membership -- England, South Africa, Canada, New
Zealand, Australia, France, Germany, Japan, and
the U.S. -- is probably between two and three
million. In the U.S. (offices in Washington, New
York, Los Angeles, and seven other cities), the
figure may now be more than several hundred
thousand. What is astonishing -- and frightening
-- is the _rate_ of growth in the U.S.: membership
has probably tripled or quadrupled in the past
three years.


[ picture: Aerial photo of ornate building,
grounds, pool, outbuildings ]

[ picture: Facing the camera are a rather
bloated man with a misshapen nose and bad
teeth, and a lovely young woman with
shoulder- length hair, who comes just to
the man's shoulder. Both are wearing
pseudo-naval uniforms, with white service
caps bearing outsized emblems.
Both are smiling. ]

[ picture: In the foreground stand two figures in
silhouette, rearview; out-of-focus on
the left is a girl in pseudo-naval
uniform, apparently she of the picture
above; on the right, a hatless man with
a full head of swept-back hair hunches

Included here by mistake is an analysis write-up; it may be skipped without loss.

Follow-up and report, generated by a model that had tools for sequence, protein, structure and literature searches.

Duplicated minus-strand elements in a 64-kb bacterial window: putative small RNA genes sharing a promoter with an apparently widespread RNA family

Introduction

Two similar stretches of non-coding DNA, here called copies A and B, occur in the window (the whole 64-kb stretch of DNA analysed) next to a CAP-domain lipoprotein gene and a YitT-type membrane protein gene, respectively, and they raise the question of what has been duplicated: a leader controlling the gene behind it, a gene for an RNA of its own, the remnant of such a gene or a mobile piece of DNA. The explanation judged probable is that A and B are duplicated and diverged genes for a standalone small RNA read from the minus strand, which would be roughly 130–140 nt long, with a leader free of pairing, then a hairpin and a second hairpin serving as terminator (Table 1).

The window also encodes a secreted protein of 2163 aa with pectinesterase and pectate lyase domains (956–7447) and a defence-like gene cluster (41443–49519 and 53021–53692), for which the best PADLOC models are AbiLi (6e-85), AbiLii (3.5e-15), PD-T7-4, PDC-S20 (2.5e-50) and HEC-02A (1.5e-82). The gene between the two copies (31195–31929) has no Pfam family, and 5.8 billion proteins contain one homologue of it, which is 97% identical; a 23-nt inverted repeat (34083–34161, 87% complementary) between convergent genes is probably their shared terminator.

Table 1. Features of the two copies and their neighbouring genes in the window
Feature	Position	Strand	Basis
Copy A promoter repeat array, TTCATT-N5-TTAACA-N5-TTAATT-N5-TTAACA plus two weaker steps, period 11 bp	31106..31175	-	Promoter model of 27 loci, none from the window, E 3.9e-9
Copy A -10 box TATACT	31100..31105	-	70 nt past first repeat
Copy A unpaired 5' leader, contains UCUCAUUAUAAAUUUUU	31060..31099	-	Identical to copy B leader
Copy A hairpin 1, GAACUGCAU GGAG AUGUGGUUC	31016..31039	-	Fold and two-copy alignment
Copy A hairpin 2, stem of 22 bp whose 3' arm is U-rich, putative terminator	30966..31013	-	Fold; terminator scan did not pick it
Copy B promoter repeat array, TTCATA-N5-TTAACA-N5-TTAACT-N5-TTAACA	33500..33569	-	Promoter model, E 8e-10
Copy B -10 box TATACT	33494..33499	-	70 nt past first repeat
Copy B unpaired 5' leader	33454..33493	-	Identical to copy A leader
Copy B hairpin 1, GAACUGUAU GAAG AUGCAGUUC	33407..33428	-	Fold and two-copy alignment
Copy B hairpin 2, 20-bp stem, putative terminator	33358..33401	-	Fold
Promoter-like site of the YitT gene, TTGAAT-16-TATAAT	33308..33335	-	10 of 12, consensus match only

over a railing. Beyond, twenty young
people face them from the main deck of
a sizable vessel. ]

[ caption: Scientology's world headquarters are at
Saint Hill (above), a manor house in
Sussex, England. But founder L. Ron
Hubbard is no longer seen there. His
base now is the 320-foot onetime
passenger ferry _Royal_Scot_Man_, on
which he and his oldest daughter Diana,
15, affect nautical gear. From one of
the upper decks he looks down on the elite
of his young Scientologists. ]


Recruits to Scientology are most often young,
intelligent and idealistic. They become fanatics
on the subject, impervious to argument, quick to
cut themselves off from doubters. Many young
people have been instructed by their Scientology
organizations ("orgs", they are called) to
"disconnect" from their families. "Disconnect"